So , as it goes, winter draws in on us. A time to say goodbye to the Autumnal harvest of the Feijoa and hello to the early morning firestarting. A time to hunker in and toast marshmellows with your delightful offspring and sing songs of sunshines and frolicking. To wrap up warm and jump in puddles with said offspring, throwing all cares and woes of winter sickness aside. If your Dad is Ned Flanders, that is.
In my family it conjures up times of telling my 2 yr old, 17 times, to stay inside and shut the door as I chop kindling in the dark freezing cold at 6.45am. It is time to play family referee as they tease , taunt and tackle each other throughout the day. A time to be told one minute that I am the BESTEST Mum in the world……. and the next minute that I am hated and I won’t be having a piece of Birthday cake at offending childs next birthday party.( Though this sentiment changes when I point out the obvious.If I don’t get to eat said cake….I won’t be baking said cake). To clean up an epic mess after the offspring pull out all their blankets, toys and books from their rooms into the lounge and play ‘Camping’ .Winter is a time for the inner exasperated Mum.
Over the years I have found that if I can get us all out of the house and doing something, we can all actually quite like each other ( for the best part of the outing anyway). In small town NZ, with limited funds and with ages 7,4 and 2, it can be hard to come up with something that can keep us all amused and warm for some time.
Recently, I braved taking the boys for a walk to a place that I can only call ‘Chicken Soup for the Soul’. It is the Pupu Hydro walk. An old hydro station that was null and void for some time and was rekindled a few years back. It is a breathtaking walkway in the Waikoropupu Valley. I can run it in 45 mins and often do. Especially when I am needing to think about things. I put the MP3 on and just thrash it out with The Black Keys ,in the paradise of NZ nature. My eldest and I have walked it together before. He was dead keen to do it again. My 4 yr old loves walks . Though for him a walk is up the road and back. With a spot of frolicking and a bit of noseying in peoples letterbox’s. My 2 yr old likes the after dinner walk. Up the road a bit, until he decides he can’t be arsed anymore and I have to carry to him.
With playlunch packed and warm clothes donned, we set off for our family adventure. I felt very anxious that I was throwing them in the deep end and I would eventually have to call a rescue helicopter in , due to the boys refusing to take another step. Hell hath no fury and stubbourness like that of a tired child. What can take me and my eldest boy ‘Tahi’, 1 hr 40 mins to walk, took all 4 of us, 3 hrs and 15 mins. And they all LOVED it. My 2 yr old ‘Toru’ was incredible. He walked at least half of the approx 5.6 km walk. In fact the only time that he screamed and carried on like a pork chop was when I was over waiting for him to stop and look at every stone,tree and insect. I would pick him up and power walk to gain some time( which I did quite a bit in the last km.Mostly because I knew my coffee missed me).He’d scream like a banshee. After a good 1.5 km of solid uphill and a few frustrated whinges, we stopped at the lookout point and had our playlunch. At this point, I must admit, I did consider just going back the way we came. I could see this was going to take forever and I am not the most patient person in the village. In fact, it seems… I am forever hurrying the boys. For what…I couldn’t tell you. But I seem to have permanent sense of urgency in my being. And a total intolerance for dilly dallying.They can never seem to move fast enough or quietly enough. This does seem to work against me in this parenting yolk.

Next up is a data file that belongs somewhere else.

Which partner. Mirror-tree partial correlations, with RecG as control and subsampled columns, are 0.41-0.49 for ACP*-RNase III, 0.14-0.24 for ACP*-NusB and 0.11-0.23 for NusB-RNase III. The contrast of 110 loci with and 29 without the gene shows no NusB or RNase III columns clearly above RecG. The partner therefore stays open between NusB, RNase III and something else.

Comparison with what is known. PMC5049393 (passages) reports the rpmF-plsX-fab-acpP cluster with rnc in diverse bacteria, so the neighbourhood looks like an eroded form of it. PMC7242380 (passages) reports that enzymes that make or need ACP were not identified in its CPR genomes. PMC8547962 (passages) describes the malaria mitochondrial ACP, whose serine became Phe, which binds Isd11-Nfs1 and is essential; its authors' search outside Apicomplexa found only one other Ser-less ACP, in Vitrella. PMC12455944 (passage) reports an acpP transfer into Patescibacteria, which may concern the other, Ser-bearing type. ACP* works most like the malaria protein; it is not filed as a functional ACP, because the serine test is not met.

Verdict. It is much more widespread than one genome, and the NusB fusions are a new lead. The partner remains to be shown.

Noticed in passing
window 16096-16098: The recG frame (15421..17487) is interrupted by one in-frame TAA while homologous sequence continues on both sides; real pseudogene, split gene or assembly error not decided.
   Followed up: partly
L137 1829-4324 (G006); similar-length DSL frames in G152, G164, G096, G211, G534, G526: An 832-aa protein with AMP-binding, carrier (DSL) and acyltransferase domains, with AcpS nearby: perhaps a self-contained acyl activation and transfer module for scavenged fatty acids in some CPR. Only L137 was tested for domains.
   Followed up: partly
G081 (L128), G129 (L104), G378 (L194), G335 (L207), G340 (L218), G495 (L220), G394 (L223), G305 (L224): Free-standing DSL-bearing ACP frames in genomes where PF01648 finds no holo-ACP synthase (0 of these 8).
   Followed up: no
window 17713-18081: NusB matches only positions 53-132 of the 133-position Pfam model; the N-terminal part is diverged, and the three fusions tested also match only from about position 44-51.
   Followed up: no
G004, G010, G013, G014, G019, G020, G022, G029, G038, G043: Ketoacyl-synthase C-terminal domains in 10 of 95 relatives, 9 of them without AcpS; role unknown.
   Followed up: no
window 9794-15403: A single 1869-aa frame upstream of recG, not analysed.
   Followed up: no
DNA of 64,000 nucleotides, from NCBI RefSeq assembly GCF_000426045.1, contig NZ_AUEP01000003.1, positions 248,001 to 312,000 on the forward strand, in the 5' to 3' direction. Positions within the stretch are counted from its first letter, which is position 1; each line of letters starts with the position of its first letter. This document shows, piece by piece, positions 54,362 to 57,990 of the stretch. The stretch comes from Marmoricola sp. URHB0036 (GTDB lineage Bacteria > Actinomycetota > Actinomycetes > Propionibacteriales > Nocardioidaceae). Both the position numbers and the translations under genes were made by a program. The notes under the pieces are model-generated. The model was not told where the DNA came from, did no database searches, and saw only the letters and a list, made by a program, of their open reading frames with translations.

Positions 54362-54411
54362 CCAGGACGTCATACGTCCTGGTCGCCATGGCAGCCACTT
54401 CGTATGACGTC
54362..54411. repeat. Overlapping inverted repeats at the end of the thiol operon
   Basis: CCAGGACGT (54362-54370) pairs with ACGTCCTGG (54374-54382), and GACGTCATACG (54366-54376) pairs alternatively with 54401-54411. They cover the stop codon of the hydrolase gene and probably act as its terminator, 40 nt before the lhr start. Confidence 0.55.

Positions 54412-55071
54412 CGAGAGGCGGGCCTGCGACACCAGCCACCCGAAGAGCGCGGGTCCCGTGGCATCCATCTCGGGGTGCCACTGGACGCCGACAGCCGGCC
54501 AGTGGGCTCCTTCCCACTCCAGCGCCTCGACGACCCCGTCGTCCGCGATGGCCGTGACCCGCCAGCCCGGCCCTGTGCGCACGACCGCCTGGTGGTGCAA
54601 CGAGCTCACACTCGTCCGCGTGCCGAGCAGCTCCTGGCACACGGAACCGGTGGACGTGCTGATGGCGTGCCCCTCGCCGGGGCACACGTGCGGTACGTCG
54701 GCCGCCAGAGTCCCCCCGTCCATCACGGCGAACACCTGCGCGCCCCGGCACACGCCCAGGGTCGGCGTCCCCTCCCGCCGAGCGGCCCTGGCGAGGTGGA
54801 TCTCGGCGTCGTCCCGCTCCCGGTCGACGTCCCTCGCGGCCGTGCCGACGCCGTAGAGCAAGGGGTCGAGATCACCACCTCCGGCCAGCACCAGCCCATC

I decided we would push on however and I would be ‘PRESENT’ , live in the moment whilst walking the walk. We pushed on and had a blast. The 2 older boys even held hands for parts of the walk.Much to my shocked delight. Kodak moment much?! They loved the bridges and the waterways. It was so great to see them exploring the area and smelling, touching and seeing something so precious and beautiful.
It felt soo good to just chill and let them be boys. To share something with them that on very dark days has been a reminder that being stuck in small town NZ ain’t so bad. To give them a taste of my “Band Aid”, so to speak. To share something bigger than our own selfishly driven wants of Lego ,Bayblades, quiet and another biscuit. And most of all it was amazing to have 3 little boys go to bed with tired smiles on their wee faces. A loving kiss for their exhausted mother. With no fuss. Into a worn out slumber within minutes. This was a good ‘Winter Mum’ day.
Yes indeedy , a good day indeed.